Seat belts reduce the risk of fatality for front-seat occupants in passenger cars by 45%.

Accounts for one third of deaths among teenagers in the United States.

Occupant injuries account for approximately 15% of all nonfatal injuries treated in US emergency departments.

Crash risk is highest during the first years of driving.

For each fatality there is and additional 80 persons injured.

One of every five serious injuries from driving accidents is attributed to driver sleepiness.

From 2005-2009 fatalities associated with driver distraction increased by 22%.

Between 10 and 24 years nearly 400,000 individuals are killed each year worldwide, with millions more injured: mostly in low and middle income countries.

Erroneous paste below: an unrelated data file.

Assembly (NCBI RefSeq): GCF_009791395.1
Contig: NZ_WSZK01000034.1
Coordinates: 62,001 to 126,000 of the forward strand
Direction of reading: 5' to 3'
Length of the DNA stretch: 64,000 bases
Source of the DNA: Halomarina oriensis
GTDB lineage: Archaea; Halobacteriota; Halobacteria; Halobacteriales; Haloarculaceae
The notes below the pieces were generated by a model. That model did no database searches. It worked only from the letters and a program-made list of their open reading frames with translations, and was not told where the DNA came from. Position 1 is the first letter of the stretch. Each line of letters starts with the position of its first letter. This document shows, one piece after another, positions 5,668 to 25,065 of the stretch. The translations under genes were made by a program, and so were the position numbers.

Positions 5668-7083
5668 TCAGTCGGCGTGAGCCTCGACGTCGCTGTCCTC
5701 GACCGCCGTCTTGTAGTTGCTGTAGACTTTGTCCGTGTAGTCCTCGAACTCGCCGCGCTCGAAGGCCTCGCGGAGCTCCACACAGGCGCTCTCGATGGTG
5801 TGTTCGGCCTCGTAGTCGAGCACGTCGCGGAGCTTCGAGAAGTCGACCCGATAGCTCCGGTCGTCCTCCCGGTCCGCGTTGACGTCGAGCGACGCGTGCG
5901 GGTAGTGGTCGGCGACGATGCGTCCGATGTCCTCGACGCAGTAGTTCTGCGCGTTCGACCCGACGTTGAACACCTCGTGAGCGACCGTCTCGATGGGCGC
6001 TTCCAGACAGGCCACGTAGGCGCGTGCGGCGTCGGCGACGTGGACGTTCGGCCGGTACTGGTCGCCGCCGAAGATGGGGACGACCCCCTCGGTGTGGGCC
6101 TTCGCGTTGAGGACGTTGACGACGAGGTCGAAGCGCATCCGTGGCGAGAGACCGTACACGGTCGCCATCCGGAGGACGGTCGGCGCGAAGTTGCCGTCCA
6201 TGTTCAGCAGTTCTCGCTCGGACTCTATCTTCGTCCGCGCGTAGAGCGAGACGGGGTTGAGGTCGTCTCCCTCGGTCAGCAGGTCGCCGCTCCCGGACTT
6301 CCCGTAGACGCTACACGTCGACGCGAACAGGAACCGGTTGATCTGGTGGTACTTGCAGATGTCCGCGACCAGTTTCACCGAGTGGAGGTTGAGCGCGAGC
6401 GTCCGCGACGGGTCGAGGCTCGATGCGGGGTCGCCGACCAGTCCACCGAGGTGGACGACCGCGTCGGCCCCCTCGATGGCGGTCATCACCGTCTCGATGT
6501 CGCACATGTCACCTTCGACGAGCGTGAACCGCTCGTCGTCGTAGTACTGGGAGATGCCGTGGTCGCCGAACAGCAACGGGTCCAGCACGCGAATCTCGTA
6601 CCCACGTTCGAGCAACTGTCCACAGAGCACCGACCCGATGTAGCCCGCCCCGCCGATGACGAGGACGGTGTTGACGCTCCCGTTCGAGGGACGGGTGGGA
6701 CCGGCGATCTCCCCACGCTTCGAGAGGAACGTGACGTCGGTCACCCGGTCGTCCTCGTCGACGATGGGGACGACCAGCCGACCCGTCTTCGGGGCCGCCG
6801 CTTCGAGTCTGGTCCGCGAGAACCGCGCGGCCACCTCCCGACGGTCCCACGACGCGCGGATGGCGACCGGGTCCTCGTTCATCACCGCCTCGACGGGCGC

Fatality Analysis Report System for 2004-2008 indicated 9644 passenger vehicle drivers aged 16 or 17 were involved in a fatal crash.

Drivers 15-20 years of age make up 6.4% of all drivers, but account for 10% of all motor vehicle traffic deaths and 14% of all police reported crashes resulting in injuries.

Increased accident rates in young drivers are the result of young age, inexperience and risky driving behaviors.

Fatal crash rates per mile driven for 16-17 year olds are 150% and 90% greater, respectively, than those for 18 and 19 year olds.

Most young people killed in road crashes are pedestrians, bicycle riders, motorcyclists and public transit riders.

Alcohol associated with 38% of fatal crashes.

Single largest contributing factor is alcohol impairment.

In 2018 29% of the 36,560 crash deaths in the US were attributed to impaired driving.